A 12-YEAR-OLD girl left with brain damage after she was starved of oxygen at birth at Bradford Royal Infirmary has been awarded £8 million compensation to provide lifetime care.

But it was only when the family’s legal team managed to obtain a transcript of a conversation between her mother and the ambulance crew on the night she was admitted in labour that Bradford Hospitals Trust was willing to negotiate.

Until that point, they had insisted that they were not at fault, said the girl’s lawyer Jane McBennett, of Morrish Solicitors.

Shortly before the liability issue was due to be tried at the High Court, Bradford Teaching Hospitals NHS Foundation Trust put forward an offer and settlement negotiations were agreed on the basis that it accepted that it was 80 per cent to blame for the injuries which left the girl, who cannot be named, with cerebral palsy.

Under the terms of the settlement she will get a lump sum of £2.2m plus annual payments of £80,000, rising to £148,000 after she reaches the age of 19 to help maximise her quality of life.

Ms McBennett said: “The claim arose from very serious brain injuries suffered at the time of the birth, which caused the girl to suffer from cerebral palsy.

“This affects all four of her limbs. She has no independent mobility and requires full-time round the clock care. She also suffers from epilepsy, has learning difficulties and has to be fed through a gastronomy tube into her tummy.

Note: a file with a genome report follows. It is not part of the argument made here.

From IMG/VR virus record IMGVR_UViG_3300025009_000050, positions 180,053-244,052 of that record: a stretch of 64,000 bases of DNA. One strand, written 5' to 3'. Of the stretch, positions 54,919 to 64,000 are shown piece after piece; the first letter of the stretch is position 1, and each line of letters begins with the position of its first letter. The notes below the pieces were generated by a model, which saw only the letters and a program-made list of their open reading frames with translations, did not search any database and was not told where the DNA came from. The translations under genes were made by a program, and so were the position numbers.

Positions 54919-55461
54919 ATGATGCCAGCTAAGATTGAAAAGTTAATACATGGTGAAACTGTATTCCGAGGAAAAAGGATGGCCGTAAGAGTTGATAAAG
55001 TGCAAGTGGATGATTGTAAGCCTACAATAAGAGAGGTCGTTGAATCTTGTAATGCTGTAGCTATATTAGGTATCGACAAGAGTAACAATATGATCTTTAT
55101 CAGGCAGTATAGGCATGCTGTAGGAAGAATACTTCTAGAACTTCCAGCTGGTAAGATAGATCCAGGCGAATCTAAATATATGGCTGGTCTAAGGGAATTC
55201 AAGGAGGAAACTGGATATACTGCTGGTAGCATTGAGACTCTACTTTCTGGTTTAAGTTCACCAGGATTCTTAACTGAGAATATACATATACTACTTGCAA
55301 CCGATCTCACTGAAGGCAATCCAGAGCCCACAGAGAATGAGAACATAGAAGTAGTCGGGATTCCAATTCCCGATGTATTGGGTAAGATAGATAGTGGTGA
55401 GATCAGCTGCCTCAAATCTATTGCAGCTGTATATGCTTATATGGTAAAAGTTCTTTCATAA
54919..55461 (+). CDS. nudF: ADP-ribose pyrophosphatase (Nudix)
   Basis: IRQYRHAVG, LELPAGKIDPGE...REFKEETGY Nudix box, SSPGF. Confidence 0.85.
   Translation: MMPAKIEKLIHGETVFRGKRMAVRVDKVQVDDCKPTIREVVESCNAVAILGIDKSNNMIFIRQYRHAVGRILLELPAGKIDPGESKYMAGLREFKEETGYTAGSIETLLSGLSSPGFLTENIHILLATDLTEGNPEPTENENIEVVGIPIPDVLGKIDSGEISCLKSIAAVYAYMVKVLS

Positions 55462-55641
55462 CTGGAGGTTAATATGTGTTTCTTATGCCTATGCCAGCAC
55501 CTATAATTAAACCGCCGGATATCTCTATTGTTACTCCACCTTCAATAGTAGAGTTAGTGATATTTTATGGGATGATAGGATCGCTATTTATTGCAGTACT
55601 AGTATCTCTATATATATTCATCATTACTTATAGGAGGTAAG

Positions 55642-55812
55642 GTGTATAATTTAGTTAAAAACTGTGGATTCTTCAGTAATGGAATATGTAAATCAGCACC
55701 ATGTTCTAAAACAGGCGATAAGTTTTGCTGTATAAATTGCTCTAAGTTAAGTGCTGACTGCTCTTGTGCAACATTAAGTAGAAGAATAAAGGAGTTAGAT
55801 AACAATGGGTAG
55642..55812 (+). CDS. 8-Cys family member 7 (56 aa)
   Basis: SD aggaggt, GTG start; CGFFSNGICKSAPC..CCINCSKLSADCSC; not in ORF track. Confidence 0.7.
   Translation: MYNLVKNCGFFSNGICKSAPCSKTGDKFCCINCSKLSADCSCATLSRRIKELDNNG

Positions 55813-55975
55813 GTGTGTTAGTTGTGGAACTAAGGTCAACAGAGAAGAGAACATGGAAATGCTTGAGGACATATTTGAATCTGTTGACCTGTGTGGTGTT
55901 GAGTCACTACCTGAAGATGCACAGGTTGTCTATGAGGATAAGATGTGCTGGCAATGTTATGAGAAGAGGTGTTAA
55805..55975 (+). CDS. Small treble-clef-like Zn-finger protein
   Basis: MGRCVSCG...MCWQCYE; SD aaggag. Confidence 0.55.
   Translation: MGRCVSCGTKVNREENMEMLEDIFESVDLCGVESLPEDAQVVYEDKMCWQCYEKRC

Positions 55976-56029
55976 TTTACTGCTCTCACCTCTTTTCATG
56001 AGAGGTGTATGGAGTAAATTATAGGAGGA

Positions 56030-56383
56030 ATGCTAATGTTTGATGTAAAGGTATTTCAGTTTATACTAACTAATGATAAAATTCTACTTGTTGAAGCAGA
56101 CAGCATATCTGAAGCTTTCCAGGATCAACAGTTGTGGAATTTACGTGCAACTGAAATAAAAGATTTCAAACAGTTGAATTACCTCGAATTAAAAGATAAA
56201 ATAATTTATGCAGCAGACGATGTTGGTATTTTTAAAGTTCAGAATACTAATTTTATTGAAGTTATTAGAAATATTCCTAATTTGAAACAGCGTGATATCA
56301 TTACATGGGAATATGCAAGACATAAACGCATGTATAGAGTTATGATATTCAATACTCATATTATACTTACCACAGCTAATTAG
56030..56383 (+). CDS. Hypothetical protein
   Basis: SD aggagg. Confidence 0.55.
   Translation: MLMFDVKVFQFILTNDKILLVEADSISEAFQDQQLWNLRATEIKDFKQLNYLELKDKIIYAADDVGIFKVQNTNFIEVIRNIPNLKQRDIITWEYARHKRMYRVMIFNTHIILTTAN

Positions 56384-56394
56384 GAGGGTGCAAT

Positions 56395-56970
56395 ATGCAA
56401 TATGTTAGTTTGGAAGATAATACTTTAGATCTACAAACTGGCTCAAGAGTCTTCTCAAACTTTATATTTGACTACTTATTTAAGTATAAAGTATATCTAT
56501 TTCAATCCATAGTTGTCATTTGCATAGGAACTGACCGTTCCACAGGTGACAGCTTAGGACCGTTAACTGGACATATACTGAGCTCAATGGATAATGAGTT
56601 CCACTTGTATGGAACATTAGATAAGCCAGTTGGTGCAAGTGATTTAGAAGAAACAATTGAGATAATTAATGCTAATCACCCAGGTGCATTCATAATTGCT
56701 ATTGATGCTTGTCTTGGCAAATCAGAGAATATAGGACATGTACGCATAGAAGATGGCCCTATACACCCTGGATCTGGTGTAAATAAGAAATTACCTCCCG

“She now lives with her grandparents and the size of the settlement means that the family can now purchase a bungalow and adapt it.

“They can now enjoy taking her out more easily in a vehicle suitable for her wheelchair and have lots of family days out by the seaside, which she loves.

“The annual payments will give the family the security of knowing that their granddaughter will have the money she needs to pay for good quality care once they are no longer able to provide this.

“The fund also gives them access to the many exciting developments in technology that help the severely disabled connect with the world around them.

“Specially modified computers work by recognising eye gaze and it is even possible to control a wheelchair in this way.”


Ms McBennett said the Bradford family had “a tough” 12-year battle against the hospital trust until the legal team was able to obtain the transcript – which showed that the ambulance service had been so worried about the mother’s bleeding on her way to hospital that it had radioed ahead to warn of her


A spokesman for Bradford Teaching Hospitals NHS Foundation Trust said: “The High Court has approved a settlement between the family of the claimant and Bradford Teaching Hospitals NHS Foundation Trust.

“We are pleased that the claim has been resolved and would like to take this opportunity to wish the claimant and her family all the best for the future.”